With the brand new Fstoppers website, everyone can now upload a portfolio to a profile for the world to comment and rate your photos. After just a couple of days from launch Jaime Ibarra's photos exploded onto the front page, with a whole series of popular photos and with good reason. His photos are a beautiful combination of emotion, concept and color that you cant help but be stunned.
I caught up with Jaime to chat about his work and also to check out his workshops available on his website store, teaching you how to color grade and composite in his style.
Tell me a little bit about your photography background and how you have got to where you are today
I was a graphic designer for about 10 years before I bought my first camera back in 2005, so I already had a strong foundation in Photoshop, which is now a key component in the creation of my images. Looking back, I can say that it was never my intent to "be a photographer" I only wanted to create photos and images that existed in my mind. My path has always been that of an artist, rather than that of a photographer who provides a service to clients. For the most part, my work has always been a personal artistic outlet.
You say you hear colors (synaesthesia) what do you mean by this?
Synaesthesia is an uncommon neurological condition in which there is basically a "crossed wire" between two of the senses, one triggering the other in a normally unrelated manner. Some synaesthetes (people with synaesthesia) for example can smell numbers, some can taste sounds. I have a color/sound association, in which colors produce musical tones (this is the best way I can describe it). In a way, combinations of colors are like music, and the color palettes in my work must produce a pleasant sound. This is driving force behind the colors in my images.
You have a very unique style of retouching your images, how essential are composites in creating your unique style?
Compositing enables me to create an alternate world out of an otherwise boring studio shot, or at the very least, create a more compelling environmental aesthetic. While I do not always composite my images (given the time it takes to accomplish this), it continues to be a tremendous creative outlet for me.
You have a tutorial workshop based on your techniques, what would someone buying your tutorial learn from it?
I teach my post-production process in one of 2 ways: a live one-on-one session done in real-time over the internet (whilst sharing my screen), and I also have a video version of the same, which is available as downloadable content. Both are a comprehensive overview and walk-through of each and every step I take from the RAW photo, to the final image. The benefit of the live session is that it is also an open-forum, allowing you to ask specific questions, whether they pertain to post-production or just shooting in general.
If you had one piece of advice to share with learning photographers what would it be?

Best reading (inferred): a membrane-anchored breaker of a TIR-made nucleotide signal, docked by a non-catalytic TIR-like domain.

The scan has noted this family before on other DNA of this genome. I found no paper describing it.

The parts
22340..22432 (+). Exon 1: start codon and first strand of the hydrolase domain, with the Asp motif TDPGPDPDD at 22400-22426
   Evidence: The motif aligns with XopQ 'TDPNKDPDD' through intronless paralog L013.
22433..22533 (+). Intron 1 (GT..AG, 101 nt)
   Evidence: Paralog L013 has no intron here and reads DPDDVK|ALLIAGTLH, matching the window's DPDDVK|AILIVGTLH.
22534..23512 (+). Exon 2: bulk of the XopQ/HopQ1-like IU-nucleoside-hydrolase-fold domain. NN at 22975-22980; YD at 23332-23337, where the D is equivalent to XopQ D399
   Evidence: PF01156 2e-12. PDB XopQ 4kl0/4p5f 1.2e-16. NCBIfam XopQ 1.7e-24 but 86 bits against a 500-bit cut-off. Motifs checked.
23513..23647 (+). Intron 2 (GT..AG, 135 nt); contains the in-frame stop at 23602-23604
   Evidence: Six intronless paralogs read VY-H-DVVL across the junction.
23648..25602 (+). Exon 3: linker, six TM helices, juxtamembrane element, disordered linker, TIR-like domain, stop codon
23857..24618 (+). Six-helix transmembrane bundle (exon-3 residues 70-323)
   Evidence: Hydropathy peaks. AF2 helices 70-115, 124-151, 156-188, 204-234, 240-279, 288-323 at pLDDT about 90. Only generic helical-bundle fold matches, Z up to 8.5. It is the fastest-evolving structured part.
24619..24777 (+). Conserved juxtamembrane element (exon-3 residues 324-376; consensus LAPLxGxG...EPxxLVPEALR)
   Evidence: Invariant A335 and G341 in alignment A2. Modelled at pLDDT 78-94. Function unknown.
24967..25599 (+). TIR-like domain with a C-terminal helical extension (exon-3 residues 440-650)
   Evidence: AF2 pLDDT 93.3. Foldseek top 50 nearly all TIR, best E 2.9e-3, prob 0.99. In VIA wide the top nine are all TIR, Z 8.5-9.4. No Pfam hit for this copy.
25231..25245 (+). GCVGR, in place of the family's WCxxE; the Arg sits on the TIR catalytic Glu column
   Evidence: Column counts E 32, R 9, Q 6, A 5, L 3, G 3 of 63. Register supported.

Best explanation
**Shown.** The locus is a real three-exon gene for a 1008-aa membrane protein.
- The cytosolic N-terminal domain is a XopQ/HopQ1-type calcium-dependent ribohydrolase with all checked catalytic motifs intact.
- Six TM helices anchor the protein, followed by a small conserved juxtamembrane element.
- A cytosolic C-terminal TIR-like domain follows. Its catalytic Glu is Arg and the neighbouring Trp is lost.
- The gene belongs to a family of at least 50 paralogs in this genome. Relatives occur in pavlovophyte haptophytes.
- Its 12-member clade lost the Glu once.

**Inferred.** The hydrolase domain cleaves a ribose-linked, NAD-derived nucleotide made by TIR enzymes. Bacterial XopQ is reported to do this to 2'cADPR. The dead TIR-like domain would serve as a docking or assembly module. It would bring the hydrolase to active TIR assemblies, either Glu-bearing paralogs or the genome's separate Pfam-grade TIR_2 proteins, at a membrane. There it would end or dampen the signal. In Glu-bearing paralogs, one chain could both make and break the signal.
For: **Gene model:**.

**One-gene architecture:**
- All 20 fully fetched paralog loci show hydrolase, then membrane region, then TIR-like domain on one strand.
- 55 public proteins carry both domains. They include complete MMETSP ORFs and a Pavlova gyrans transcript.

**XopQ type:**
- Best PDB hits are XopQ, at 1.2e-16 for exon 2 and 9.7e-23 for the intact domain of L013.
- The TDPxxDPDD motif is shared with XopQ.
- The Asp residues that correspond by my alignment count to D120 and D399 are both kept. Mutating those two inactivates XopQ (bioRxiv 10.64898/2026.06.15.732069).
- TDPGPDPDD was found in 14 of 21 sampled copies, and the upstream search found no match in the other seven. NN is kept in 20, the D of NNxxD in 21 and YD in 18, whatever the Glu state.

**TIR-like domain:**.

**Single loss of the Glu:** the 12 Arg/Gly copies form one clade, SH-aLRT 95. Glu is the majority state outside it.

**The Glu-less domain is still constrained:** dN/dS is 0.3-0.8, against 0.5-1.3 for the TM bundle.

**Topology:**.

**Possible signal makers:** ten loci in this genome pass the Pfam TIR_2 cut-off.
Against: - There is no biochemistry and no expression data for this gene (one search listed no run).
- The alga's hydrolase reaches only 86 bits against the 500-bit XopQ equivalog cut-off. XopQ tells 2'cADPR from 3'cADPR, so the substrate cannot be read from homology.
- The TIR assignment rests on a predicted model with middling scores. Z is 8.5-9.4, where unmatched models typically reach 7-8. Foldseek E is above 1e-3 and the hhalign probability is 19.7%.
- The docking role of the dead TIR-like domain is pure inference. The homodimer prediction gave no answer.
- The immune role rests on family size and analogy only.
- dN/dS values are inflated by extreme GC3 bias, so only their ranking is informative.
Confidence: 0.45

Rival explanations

I constantly stand by my belief that your gear/equipment is not at all important. I own only one camera body, and one lens that I use when I shoot. I've even done shoots with my phone. A good photo starts in your mind...it is your vision that makes a good photo., not your equipment.
Where do you find inspiration for your shoots?
I find inspiration everywhere, movies, music, perhaps something I saw when I went out for coffee, or a dream I had, or a story someone shared with me, the sources of inspiration are all around us, we just have to be receptive to them.
What is your shoot process?
On the technical side, there isn't much to say. I mainly use natural and/or available light. The less equipment around, the better. I am certainly not "gear-centric" when it comes to shooting. I feel that the presence of a lot photographic equipment only serves to dampen the human element of the shoot, which is my main interest.
Do you have a favorite shoot to date and why?
I could no more choose a "favorite shoot" than I could choose a favorite song, a favorite color, a favorite food, a favorite movie, etc each thing I enjoy has its own merits and reasons, and I celebrate each one for its uniquity. I have done numerous shoots that I look upon with equal fondness.
What are you working on at the moment, do you have any exciting projects or shoots coming up?
I am in the process of putting together 3 different books of my photography, and the professional musician side of me is trying to complete an ambitious CD project I have been working on for the past 10 years of my life.
Where do you hope your photography will progress to in the future, where would you like to be in 10 years?
To be honest, I am just enjoying this journey. I am in a very happy place with my art. I rather enjoy not knowing what is coming around the bend, or what the next turn has in store. I do not wish to interrupt an adventure with an itinerary.
Jaime's color tones and use of composites sets his work above and beyond, his imagination and vision is breathtaking, on his stunning website he offers various tutorial videos to learn his techniques in color grading, composites and also has textures to use in composite work. I watched his most popular video about color grading and it was fantastic.
I highly recommend it, he walks you through his process of taking a RAW photo through Photoshop to add color grades and lighting effects to create images in his style. the process is very simple and easy to follow, he walks you through editing two of his images from start to finish, resulting in a fantastic color blend and magic glow.
Check out more of Jaime's work here: